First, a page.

I grew up in Michigan, but I’ve lived in Tennessee for about fourteen years. As I sit here right now, I’m doing three things: I’m watching bits and pieces of The Oscars, I’m trying to write this blog, and I’m checking now and then to see if my kids’ school is going to be closed tomorrow. It’s just raining right now, but the temperature is supposed to drop below freezing at some point this evening, turning the rain to ice and snow. In all likelihood, by the time I finish writing this post, school will be canceled.
A few different times this winter, snowfall in the south has made national news. Almost a month ago, all of Atlanta (and many other cities in the south–not Nashville for some reason, but everywhere around it) was brought to its knees by an amount of snow and ice that probably looked to most people–especially those who live in states where snow is common–like just a little bit. And just about every time the forecast calls for snow in the south (and sends everyone running to the stores to clear the shelves of all their bread, milk and toilet paper), the same response comes from the snowier states: “Oh give me a break….”
When I moved here, I thought the same thing. One of the first winters I spent here in Nashville, a light snow started falling a little after nine in the morning. I left my apartment at about 9:30, pulled out onto a relatively residential street, and I was met by a long, stationary line of what I immediately decided were stupid southern drivers, and I thought to myself, “Oh give me a break….” In Michigan, there were days that I had to drive to school in snow that was so deep ON THE HIGHWAY that I could feel it hitting the bottom of my car as I drove. I just tried to stay in the tire tracks and follow the red lights in front of me…. There was maybe half an inch of snow on the roads that day. These people obviously just didn’t know how drive in the snow (by the way, school just got canceled for tomorrow).
So I passed them. I passed them in a non-passing zone and drove past about 50 cars to get to my turning lane up ahead. Stupid idiots. No one was coming from the opposite direction anyway. My tire slid just a bit, but really…. Give me a break–I had new tires. I started to suspect that there might be more to the situation than I had thought when I turned left and saw three or four cars in the ditch. But I reassured myself, “Nah. They’re just stupid southern people who don’t know how to drive in the snow.” The traffic was stopped up ahead of me, so I decided I would take a shortcut up a small hill. It wasn’t very steep at all, but I noticed I had started moving a little slower. Then even slower. And slower. I was barely moving, so I applied the brake and came to a stop. I finally started moving again. Backward. The thick snow had covered my back window so I couldn’t see what was behind me, but with my foot on the brake, I started sliding backwards down the hill. It even felt like I was picking up a little speed. And I thought to myself again, “Oh give me a break….” but this time in a different way. My car spun to the side and slid about 30 yards, and the only I came to a stop was because I ended up in someone’s yard, and their grass wasn’t as slippery as the road.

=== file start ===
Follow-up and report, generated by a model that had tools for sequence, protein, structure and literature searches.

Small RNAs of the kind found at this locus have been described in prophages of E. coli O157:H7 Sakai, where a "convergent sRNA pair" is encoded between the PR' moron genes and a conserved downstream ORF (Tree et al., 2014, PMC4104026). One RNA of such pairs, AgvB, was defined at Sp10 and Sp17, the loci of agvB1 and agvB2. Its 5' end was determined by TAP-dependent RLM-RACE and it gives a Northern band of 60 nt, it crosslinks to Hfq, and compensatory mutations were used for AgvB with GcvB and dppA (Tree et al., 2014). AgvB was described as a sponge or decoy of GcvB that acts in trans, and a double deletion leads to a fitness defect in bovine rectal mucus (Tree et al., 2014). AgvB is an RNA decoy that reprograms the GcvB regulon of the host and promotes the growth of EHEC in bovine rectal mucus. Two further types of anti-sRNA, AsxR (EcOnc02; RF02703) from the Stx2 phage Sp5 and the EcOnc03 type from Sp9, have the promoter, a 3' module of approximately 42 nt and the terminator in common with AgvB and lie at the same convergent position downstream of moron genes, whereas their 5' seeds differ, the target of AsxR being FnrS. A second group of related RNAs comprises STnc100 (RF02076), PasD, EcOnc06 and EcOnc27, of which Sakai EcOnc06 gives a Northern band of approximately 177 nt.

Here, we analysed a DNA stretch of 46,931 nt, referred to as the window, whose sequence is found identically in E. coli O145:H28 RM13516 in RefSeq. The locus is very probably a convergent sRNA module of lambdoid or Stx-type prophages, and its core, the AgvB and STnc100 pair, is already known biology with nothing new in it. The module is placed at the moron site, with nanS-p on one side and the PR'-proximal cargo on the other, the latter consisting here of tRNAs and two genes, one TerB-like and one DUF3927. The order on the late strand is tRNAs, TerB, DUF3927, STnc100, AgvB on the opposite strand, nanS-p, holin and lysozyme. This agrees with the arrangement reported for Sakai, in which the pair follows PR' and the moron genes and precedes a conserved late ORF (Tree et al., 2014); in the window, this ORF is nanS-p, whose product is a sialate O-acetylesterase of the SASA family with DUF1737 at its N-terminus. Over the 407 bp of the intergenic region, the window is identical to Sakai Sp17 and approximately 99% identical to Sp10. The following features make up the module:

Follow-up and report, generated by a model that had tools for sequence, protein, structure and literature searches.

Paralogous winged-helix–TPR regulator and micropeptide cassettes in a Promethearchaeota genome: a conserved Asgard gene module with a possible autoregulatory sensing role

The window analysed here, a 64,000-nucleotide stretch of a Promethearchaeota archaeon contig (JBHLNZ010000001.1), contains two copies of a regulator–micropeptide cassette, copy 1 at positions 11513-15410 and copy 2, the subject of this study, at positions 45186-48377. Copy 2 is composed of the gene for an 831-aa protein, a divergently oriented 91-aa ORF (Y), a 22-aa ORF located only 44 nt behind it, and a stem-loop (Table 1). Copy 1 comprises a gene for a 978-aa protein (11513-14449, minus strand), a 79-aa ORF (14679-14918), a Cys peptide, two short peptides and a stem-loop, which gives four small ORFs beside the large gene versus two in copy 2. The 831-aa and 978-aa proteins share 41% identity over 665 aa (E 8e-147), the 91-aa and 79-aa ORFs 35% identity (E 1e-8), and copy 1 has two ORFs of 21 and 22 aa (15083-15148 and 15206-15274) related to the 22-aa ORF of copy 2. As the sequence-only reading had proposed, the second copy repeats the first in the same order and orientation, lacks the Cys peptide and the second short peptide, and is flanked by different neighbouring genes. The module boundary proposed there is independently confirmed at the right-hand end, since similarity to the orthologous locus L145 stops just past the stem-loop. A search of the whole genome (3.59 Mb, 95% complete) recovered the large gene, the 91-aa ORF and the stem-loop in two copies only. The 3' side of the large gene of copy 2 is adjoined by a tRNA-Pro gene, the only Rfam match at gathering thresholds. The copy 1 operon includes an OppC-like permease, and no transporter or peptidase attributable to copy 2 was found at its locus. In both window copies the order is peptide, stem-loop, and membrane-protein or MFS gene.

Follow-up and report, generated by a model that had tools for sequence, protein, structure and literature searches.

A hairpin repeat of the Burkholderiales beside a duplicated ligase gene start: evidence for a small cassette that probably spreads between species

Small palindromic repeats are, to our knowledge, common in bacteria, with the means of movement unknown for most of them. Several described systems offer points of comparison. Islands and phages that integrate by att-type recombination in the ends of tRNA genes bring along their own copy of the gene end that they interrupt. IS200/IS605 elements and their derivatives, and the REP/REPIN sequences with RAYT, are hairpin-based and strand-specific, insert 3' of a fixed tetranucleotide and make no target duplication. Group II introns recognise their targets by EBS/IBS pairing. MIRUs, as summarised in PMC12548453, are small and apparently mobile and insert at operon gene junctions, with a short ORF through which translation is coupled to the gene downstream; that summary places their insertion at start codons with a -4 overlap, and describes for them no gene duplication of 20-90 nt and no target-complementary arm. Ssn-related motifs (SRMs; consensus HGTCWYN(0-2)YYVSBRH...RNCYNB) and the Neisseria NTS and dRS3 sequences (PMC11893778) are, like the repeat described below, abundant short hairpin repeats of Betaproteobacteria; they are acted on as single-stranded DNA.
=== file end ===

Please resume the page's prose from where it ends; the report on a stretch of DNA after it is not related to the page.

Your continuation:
I write this because tomorrow, someone somewhere is going to post a picture of the snow on Facebook or Instagram or somewhere, and some jackass is going to say something about how “they don’t even know what snow is,” or some crap like that (On a side note, as I wrote that last sentence, a siren went by). Inevitably, some know-it-all blowhard will say, “You closed school for THAT?!? Oh, give me a break…” People think it’s a joke, but it’s not. When that snow fell in Atlanta, people left their jobs at 4:00 and didn’t make it home until the next morning. Kids were stranded overnight at their schools. Parents were worried sick. The south does not have the infrastructure to deal with weather like this. People abandoned cars on the highway, slept in gas stations, walked for miles in freezing weather…. People died. That’s not funny. It is not a joke.
So to the Me of 14 years ago and any other know-it-all’s out there, here’s what I want you to do–Tomorrow (or it’s probably today when you’re reading this) if you see a friend who lives in the south post a picture of the snow, or post a status about how bad the roads are, or say something about how school is canceled because of an inch of snow, before you say “Oh give me a break….” or make some snide, patronizing comment, try this instead: Get a piece of paper. Make a list and write down all of the smart, condescending things you can think of along the lines of “Oh give me a break” or “Stupid southerners don’t know how to drive in the snow.” Then, what I want you to do is take that piece of paper, roll it up as tight as you can, and then cram it. You have absolutely no idea what the hell you are talking about. Do everyone a favor and shut up.
Thanks in advance,